Dan Poliwoda

The Jewish State, for the Past, Present and Future

Late last month, a bill declaring Israel a Jewish State was brought forward to Knesset, Israel’s Parliament. In the midst of the self proclaimed auto intifada, I thought it a strange time for Benjamin Netanyahu to present a potentially incendiary act of legislature. No doubt an act such as this one, one proclaiming the Jewish nature of the State of Israel, would only ignite anger within Israel’s minorities.

Critics of the bill have denounced the bill as undemocratic, theocratic and racist. Arab politicians have argued that declaring a country as a Jewish State would alienate the non-Jews in Israeli society. However, to these critics I argue, how can Israel be anything but a Jewish State?

Since the beginnings of the Zionist movement in Europe there has never been any other land. Proposals to create states for Jews in vacant areas of the world, like in a region of Uganda, where immediately refused by Zionist leaders. What became known as the British Mandate for Palestine after 1917 was always the only place Jews would ever create a State for themselves. The Jewish connection to the land of Israel predates any partition plan or any aliyah by European Jews in the 19th century. The Jewish connection to Israel is rooted in Jewish history. Israel is the land of the Jews because it is also the land in which the Jewish forefathers and mothers lived, the land that King David ruled and the land that the Maccabees fought for. To David Ben Gurion, Menachem Begin and Chayim Weitzman, there could be only one land, the land of Israel. For this reason, Israel is a Jewish State.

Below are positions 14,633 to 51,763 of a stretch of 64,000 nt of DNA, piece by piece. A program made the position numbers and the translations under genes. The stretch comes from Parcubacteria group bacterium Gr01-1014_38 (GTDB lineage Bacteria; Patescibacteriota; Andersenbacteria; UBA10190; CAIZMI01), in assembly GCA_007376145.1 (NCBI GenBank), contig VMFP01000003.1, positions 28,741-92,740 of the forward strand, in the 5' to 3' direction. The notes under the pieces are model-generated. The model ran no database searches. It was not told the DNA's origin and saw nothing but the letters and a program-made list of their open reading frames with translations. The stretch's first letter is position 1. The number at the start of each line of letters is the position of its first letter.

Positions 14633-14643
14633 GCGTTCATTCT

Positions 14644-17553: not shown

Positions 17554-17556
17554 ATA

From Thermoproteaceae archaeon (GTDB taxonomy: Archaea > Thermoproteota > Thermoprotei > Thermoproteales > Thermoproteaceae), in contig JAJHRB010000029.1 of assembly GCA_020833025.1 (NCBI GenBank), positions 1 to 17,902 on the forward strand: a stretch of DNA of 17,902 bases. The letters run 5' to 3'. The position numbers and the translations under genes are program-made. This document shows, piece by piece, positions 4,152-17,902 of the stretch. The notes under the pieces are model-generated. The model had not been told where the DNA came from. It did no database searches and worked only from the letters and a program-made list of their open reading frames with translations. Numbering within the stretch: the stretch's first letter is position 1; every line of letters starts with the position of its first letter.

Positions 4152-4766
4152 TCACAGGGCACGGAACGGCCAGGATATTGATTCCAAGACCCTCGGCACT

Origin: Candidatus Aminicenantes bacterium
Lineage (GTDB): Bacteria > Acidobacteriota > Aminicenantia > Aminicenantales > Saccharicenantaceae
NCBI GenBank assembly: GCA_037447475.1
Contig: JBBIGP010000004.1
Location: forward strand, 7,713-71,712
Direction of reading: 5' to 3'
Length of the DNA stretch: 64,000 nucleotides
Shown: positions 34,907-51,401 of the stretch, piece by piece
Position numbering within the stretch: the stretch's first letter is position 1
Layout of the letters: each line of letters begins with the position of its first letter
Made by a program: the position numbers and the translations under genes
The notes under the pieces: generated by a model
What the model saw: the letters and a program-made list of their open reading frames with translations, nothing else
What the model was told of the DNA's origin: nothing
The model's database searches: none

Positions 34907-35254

My first reaction to reading this bill was shock. Not because of its contents or its reception, rather I was surprised that this bill was being put forward in the first place. Contemporary Israel is already a Jewish State. Israel’s symbol, the menorah, Israel’s flag, the star of David, and Israel’s language, Hebrew, are all derived from Judaism. In fact, the place in which Israel’s Arab and Jewish politicians sit, the Knesset, is named for the Israelite kingdom’s court from 300 BC. Everything about Israel defines it as a Jewish State.

Israel must not make any excuses for what it is or for the vision that the Zionist founding fathers had for their state; a Jewish democracy. In a world of Muslim and Christian States, how many more must be established for one Jewish State to exist?

This month we have seen the dissolution of Israeli parliament, a move that will bring Israelis to the polls in March 2015. The dispute over this bill is but one of the scores of issues that create a disunion within Israeli leadership. Israeli parliamentarians should understand there is no better time than the present to go forward with this legislation and demonstrate to the world and Israel’s enemies that so long as there is an Israel, it will be a Jewish State. My hope for the 20th Knesset is that this bill will be considered and approved as a way of unifying Israel’s leadership towards a healthy future for the only Jewish State in the world.

Dan Poliwoda

About the Author
Dan Poliwoda is an Honours History student at the University of Western Ontario. On campus he is VP Programming for Israel on Campus at UWO, where programming includes tabling, keynote speakers and discussions.
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